People certainly haven't been afraid to try and reinvent the umbrella over the years. There was the solar-powered Booster Brolly
, the windproof Rainshader
and the lopsided Rain Shield
, just to name a few. But now a team of Chinese designers is looking to do away with the awkward metal poles and canopy entirely, relying instead on a "force field" of air to keep you nice and dry.
There have been several attempts to improve upon the basic umbrella in recent years – the Rain Shield
, which offers shelter from the wind; the Air umbrella
, which uses a fan to stop the rain; and Nubrella
, which is worn like a space helmet. Now, we have the smartphone-connected Kisha.
Nobody likes getting rained on while cycling, yet most of us probably aren’t quite ready to shell out for an enclosed velomobile
, either. That’s why Swiss company Allnew recently introduced Dryve – it’s a flexible, detachable rain cover for bikes.
When we complain about the rain, other people will often say "Yeah, but it's good for the plants." Well, thanks to a microturbine-based system created by three students from the Technological University of Mexico, it's now also being used to generate electricity for use in low-income homes.
Windshield wipers are life-savers, but also can drive one to distraction with their incessant streaking and chattering. Well, the tyranny of the wipers may soon be over. McLaren Automotive’s chief designer Frank Stephenson told The Sunday Times that the performance motoring company is investigating the use of "ultrasonic force fields" to replace windshield wipers in automobiles. While Stephenson referred to a military source for McLaren's tech, there appears to be very little public information on how such force fields might clean a windshield during a storm, so I'm taking a look at the patent history to see how this might be accomplished.
Rain gauges are generally pretty accurate at measuring the amount of precipitation that has fallen at their location, but they can't be everywhere. This means that average rainfall figures for a region could be inaccurate, if considerably more or less rain has been falling in unmonitored areas. Cars, however, are just about everywhere that there are roads. With that in mind, researchers from Germany's University of Hanover are looking at using them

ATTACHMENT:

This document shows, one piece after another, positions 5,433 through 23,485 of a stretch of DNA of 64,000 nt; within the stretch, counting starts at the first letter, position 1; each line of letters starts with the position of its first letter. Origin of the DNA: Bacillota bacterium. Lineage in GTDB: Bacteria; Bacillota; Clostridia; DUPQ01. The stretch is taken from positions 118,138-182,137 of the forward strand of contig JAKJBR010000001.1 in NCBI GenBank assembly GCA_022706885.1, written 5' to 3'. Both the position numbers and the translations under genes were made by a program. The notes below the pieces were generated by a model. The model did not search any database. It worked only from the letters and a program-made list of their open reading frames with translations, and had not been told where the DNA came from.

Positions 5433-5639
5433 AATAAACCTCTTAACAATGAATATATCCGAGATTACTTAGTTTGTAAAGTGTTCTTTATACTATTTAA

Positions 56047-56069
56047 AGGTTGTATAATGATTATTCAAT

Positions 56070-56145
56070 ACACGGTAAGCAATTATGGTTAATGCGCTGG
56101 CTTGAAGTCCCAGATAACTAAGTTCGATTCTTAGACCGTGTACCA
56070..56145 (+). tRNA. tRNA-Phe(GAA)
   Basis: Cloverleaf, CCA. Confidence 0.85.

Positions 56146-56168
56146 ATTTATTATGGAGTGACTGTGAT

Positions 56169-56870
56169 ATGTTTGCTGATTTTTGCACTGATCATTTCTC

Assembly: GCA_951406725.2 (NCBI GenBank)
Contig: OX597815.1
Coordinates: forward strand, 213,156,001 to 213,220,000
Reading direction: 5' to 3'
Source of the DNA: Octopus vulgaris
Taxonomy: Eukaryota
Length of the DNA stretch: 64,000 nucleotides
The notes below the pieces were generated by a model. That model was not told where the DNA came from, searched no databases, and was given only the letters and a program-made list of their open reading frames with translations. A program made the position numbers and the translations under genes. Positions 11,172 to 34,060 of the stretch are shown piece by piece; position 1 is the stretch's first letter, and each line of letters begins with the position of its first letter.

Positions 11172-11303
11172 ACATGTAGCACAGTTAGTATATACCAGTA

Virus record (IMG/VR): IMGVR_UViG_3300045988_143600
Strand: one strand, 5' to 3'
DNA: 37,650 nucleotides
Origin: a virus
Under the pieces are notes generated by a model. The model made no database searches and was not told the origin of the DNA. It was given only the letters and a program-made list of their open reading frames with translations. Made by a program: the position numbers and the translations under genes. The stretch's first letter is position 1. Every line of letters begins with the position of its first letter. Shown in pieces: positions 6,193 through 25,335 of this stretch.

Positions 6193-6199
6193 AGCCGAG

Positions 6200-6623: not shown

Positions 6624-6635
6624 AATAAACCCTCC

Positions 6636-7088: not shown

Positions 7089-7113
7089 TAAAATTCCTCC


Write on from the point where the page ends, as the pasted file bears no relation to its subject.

to tell us how much water is coming from the sky.
We’ve seen a bicycle mudguard that detaches from the bike
and folds up when not in use, along with one that stays attached but rolls up
when not needed. Created by Slovenian product designer Jurij Lozić, the Musguard offers features of both – it’s easy to put on and take off, and rolls up for stowage in a pack or pocket.
Although there are already plenty of good bicycle fenders out there, some people don’t like the way they rattle around, while others think that they detract from the looks of the bike. One option is to use something like the QuickFix
, which is a fold-flat rear mudguard that attaches to the frame in seconds. The Plume, however, takes a different approach – it’s a mudguard that recoils like a metal tape measure when not in use.
The core design of the humble umbrella hasn't changed in centuries. While it works extremely well, very few people would consider the traditional umbrella to be perfect, which presents inventive designers with several problems in need of solutions. Rain Shield aims to solve several of these problems in one innovative hit.
Driving at night in falling rain or snow can be treacherous, but not just because the asphalt is slippery – visibility is also greatly reduced, as the driver’s view of the road ahead is obscured by brightly headlight-lit raindrops or snowflakes. In the future, however, that may not be so much of a problem. A team led by Carnegie Mellon University’s Prof. Srinivasa Narasimhan has developed an experimental headlight system that renders most foreground precipitation virtually invisible, while still adequately illuminating the road beyond.